Affiliate Disclosure: Some of the links or advertisements below are affiliate links or advertisements, meaning, at no additional cost to you. We will earn a commission, if you click through and make a purchase. Thank you 🙂

People that love rain are called pluviophiles. The word pluviophile comes from the Latin word “pluvial,” which means rain, and “phile,” which denotes a thing or a person. Therefore, a pluviophile is a lover of rain, or someone that finds joy and peace of mind during the rainy days.

GREG RAKOZY ROMAN TEN

Leave a Reply

You May Also Like
Read More

The Wends

The frustration that you’re not enjoying an experience as much as you should, even something you’ve worked for…
Read More

Trumspringa

The temptation to step off your career track and become a shepherd in the mountains, following your flock…
Read More

Dead Reckoning

To find yourself bothered by someone’s death more than you would have expected. As if you assumed they…
Read More

Lapyear

The age at which you become older than your parents were when you were born, which signals that…
Read More

Pâro

The feeling that no matter what you do is always somehow wrong—that any attempt to make your way…
Read More

Meliorism

The belief that the world gets better, the belief that humans can improve the world. In other words,…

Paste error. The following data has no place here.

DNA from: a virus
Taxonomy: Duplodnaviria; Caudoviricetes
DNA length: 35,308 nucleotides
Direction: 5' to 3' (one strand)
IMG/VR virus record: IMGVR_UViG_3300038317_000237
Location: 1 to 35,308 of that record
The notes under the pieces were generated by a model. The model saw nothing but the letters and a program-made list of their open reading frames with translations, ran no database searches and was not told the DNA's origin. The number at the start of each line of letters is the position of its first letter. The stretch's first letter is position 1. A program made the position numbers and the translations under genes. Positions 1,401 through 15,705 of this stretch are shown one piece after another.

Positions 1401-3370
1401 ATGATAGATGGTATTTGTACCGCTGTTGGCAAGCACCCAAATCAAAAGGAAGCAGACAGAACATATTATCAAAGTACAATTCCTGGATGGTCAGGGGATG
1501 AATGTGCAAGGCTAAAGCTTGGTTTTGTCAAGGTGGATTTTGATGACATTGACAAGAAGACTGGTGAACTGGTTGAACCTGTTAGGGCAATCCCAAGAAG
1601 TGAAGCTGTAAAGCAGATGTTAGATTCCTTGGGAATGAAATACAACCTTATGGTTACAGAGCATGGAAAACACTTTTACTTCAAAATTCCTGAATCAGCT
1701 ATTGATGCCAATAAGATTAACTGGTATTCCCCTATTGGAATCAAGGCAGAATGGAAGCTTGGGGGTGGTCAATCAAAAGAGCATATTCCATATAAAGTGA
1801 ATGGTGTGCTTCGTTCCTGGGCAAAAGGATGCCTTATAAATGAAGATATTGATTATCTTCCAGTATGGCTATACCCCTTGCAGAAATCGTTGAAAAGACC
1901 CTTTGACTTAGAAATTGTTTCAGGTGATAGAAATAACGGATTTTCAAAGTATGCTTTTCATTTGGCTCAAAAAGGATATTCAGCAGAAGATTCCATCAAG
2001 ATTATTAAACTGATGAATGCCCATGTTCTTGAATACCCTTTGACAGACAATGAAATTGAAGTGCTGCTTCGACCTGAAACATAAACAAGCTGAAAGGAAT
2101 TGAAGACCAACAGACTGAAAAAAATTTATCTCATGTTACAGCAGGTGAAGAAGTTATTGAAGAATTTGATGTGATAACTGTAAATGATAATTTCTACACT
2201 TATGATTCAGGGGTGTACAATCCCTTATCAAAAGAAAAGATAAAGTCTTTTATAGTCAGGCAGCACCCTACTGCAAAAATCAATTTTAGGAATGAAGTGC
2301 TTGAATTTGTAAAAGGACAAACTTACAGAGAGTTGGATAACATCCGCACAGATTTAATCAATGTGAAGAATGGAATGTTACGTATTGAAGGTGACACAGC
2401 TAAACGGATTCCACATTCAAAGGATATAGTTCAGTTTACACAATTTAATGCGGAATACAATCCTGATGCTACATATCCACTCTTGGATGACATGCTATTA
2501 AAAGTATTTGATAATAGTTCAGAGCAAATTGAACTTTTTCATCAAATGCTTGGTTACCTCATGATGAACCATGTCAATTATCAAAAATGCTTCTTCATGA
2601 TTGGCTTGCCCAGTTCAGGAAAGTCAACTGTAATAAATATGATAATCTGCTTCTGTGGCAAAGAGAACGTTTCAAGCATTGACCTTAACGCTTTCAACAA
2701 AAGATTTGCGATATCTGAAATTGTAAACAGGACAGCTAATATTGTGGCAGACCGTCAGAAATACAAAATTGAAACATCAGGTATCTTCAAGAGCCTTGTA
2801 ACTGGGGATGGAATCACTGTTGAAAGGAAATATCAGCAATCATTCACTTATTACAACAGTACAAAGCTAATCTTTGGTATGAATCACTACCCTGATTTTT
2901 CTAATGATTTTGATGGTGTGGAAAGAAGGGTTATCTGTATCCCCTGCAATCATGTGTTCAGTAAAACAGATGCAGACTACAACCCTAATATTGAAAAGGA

Read More

Anecdoche

A conversation in which everyone is talking but nobody is listening, simply overlaying disconnected words like a game of…
Read More

Occhiolism

The awareness of the smallness of your perspective, by which you couldn’t possibly draw any meaningful conclusions at…
Read More

Lutalica

When you were born they put you in a little box and slapped a label on it. But…
Read More

Deep Cut

An emotion you haven’t felt in years that you might have forgotten completely if your emotional playlist hadn’t been left…
Read More

Yù Yī

The desire to see with fresh eyes, and feel things just as intensely as you did when you…
Read More

Dès Vu

The awareness that this moment will become a memory. Derived from French dès vu, “seen as soon as”…
Read More

Ringlorn

The wish that the modern world felt as epic as the one depicted in old stories and folktales—a…
Read More

Ameneurosis

The half-forlorn, half-escapist ache of a train whistle calling in the distance at night. Coined in 2012 by…
Read More

Vellichor

The strange wistfulness of used bookstores, which are somehow infused with the passage of time. It’s filled with…